20 Comments

Great story, Thanks Ned!

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I read stories linked to from Hacker News every day, but this one was exceptionally well-written. I want to read more about your crazy experiences working with Jim, and the hook-up story and everything.

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Ned (if that is your real name), I have a story with virtually the same beginning, a different middle, and a similar end.

In the summer of 1976, I was a skinny, nerdy boy fresh out of high school, and plans for college. Coming from a family of modest means, I had been working for years. I had almost no computer exposure, given the year. That year after high school, a friend suggested that the two of us work for a regional depot of the Ohio Highway Department.

Here's where our stories diverge: I *took* the job. Before long, I had donned my orange vest and started filling potholes and scraping dead animals off back roads.

The highway crew was made up of exactly the characters you might imagine. I'll limit my stories to my favorite. A tall, muscular guy named Gene was one of the crew bosses. The whispers around the garage were that Gene had recently moved from Detroit, where he had been a hit man for the mob. I was told that he had killed a guy by whacking him on the head with a 2x4. So my first week on Gene's crew, we stopped at a convenience store on a rural road. Gene said to me, "I want you to keep the cashier occupied while I steal some beer for later."

Being unskilled in the art of nuanced moral dilemmas, I said, shaking, "Gene, I'm not going to do that." I think I closed my eyes, ready for the blow I knew would end my short life.

Instead, Gene walked in, bought the beer, and came back to the truck, never mentioning the incident again. From that day on, Gene became my protector. I remember once I was supposed to use a jackhammer, about 10% heavier than me, to knock out some sidewalk. Gene took it from my hands and said, "This kid's going to college. He ain't gonna ruin himself doing this kind of work!"

So I spent three months in my orange vest. Somebody took a picture of me, long scraggly hair, sunburn, and orange vest, sitting in the driver's seat of a yellow Ohio highway truck. My mother put it on the refrigerator, "to remind you why you're going to college."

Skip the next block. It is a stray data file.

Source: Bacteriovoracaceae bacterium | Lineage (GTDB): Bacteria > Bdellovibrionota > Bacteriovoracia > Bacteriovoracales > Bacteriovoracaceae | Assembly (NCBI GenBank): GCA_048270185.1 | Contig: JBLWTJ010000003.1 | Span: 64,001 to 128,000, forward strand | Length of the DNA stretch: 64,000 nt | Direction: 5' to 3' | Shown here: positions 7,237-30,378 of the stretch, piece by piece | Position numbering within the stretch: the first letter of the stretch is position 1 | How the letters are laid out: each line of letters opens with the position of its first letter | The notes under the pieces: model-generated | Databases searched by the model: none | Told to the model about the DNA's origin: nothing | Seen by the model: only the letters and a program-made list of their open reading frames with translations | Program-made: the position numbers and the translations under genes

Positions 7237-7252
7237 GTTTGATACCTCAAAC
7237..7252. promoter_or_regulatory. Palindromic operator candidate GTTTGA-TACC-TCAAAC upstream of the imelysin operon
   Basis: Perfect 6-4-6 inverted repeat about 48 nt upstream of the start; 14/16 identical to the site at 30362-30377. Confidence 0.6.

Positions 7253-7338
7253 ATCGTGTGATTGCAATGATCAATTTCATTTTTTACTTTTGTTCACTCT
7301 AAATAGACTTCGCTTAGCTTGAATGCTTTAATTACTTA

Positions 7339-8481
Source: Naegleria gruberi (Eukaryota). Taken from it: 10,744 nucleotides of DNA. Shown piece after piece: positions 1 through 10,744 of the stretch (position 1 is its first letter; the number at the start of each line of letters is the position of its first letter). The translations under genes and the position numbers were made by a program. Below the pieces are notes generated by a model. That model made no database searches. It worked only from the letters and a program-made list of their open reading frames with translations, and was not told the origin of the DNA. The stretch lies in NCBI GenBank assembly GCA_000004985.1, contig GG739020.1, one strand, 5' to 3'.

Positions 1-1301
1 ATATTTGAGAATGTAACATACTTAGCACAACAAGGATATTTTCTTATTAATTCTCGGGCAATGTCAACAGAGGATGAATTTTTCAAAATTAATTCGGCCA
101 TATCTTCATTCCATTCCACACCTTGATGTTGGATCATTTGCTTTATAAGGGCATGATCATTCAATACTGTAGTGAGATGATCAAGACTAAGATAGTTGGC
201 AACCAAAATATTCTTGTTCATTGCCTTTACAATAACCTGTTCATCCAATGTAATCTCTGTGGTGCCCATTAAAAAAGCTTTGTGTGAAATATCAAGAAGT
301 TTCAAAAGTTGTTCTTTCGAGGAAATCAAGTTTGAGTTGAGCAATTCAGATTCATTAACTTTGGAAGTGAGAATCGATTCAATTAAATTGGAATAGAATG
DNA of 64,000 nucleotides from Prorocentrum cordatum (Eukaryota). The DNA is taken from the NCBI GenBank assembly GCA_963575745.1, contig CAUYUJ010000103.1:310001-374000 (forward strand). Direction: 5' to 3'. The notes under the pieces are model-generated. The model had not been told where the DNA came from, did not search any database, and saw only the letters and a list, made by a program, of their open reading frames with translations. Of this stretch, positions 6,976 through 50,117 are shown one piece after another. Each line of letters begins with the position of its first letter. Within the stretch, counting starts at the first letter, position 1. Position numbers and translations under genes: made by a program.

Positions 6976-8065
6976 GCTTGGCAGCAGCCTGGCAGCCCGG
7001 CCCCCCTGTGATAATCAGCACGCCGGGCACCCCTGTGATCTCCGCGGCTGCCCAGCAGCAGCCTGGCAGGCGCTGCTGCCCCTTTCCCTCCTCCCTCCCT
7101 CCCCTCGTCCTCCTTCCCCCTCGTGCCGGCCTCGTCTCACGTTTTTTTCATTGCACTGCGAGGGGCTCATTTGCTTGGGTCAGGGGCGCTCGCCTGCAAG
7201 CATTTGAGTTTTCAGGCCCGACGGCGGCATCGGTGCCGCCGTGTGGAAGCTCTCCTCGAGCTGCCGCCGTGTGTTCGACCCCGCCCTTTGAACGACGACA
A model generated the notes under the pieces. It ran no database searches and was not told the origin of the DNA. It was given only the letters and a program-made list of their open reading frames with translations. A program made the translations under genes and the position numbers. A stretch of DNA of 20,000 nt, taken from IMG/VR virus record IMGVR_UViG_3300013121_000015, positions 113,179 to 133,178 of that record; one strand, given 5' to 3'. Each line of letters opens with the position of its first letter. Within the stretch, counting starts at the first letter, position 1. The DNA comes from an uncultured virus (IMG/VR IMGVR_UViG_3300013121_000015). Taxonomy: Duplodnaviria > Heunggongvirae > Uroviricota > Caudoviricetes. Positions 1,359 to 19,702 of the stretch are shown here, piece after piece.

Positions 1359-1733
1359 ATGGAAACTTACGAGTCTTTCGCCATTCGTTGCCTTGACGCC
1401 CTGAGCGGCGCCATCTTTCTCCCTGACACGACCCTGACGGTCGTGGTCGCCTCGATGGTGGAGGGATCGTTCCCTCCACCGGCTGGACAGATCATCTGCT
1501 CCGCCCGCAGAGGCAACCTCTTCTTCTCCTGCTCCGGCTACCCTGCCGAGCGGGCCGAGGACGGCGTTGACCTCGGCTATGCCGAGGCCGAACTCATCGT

I did go to college, got a computer science degree and (later) a graduate degree in computational methods in biology. I've had a great career as a programmer and entrepreneur.

The only difference is that you didn't come home that summer smelling of roadkill.

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Very practical and helpful tutorial. Thank you so much for sharing! https://geometrydashscratch.io

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$100 sounds pretty good to me. At around the same time I sold a complete game to a software house for £75 for the ZX81 version, with the loan of a Spectrum that I would get to keep if I ported it across. Not that the word "ported" had been invented yet.

To be fair, it wasn't a very good game: http://www.zx81stuff.org.uk/zx81/tape/Privateer

Though as my sole income at the time was 40p a week pocket money (I was 15) it seemed like a lot of money.

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Hey! Your very interesting story was translated into Russian and posted on the best IT site in Russia! Link - https://habr.com/ru/company/productivity_inside/blog/559506/

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matt is mad cuz bad lol

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You're glossing over the extraordinary privilege involved to even have experience with computers in the first place. The vast majority of your peers wouldn't have had access to computers in 1982 and would have had no choice but to take the manual labor job. Also, this advice is irrelevant to teenagers today, because there are no IT jobs that don't require experience or a degree. The real lesson here is "be born in the right place at the right time"

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Your final advice is a classic https://en.m.wikipedia.org/wiki/Survivorship_bias . The honest advice would be: you must be lucky

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I enjoyed this one! Struck a fond memory for me. My dad made sure I always had a part time job during vacations, spring and Christmas break. His rationale was to remind me that work can be hard, and I should stay in college to make sure I have a professional career. After I got my Phd., he said he may have over done it! Thanks for this one.

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Any RSS here?

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I read it on Hacker News and wanted to drop a comment here too.

It's a very cool story, I can feel the passion for the tech and the teenager's uncertainty of the future.

I am 28yo programmer and reading stories like this make me happy about the great luck I had finding a type of job which is just -most of the times- a playground.

I am younger than you, but I can really relate to that years in my youth spent on C trying to make some random games.

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Absolutely LOVED this story. I have a handful of years on you, but I can relate to when I was just getting into computers. Never had this kind of opportunity, but I think I had the same motivation as you - curiosity.

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Now that was some pretty sweet and decent hacking. Thanks for the great read!

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Found this as it's the top story at hacker news. Fantastic read! I'll be reading the archive and all posts from now on. Thanks!

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I love your stories. Thanks.

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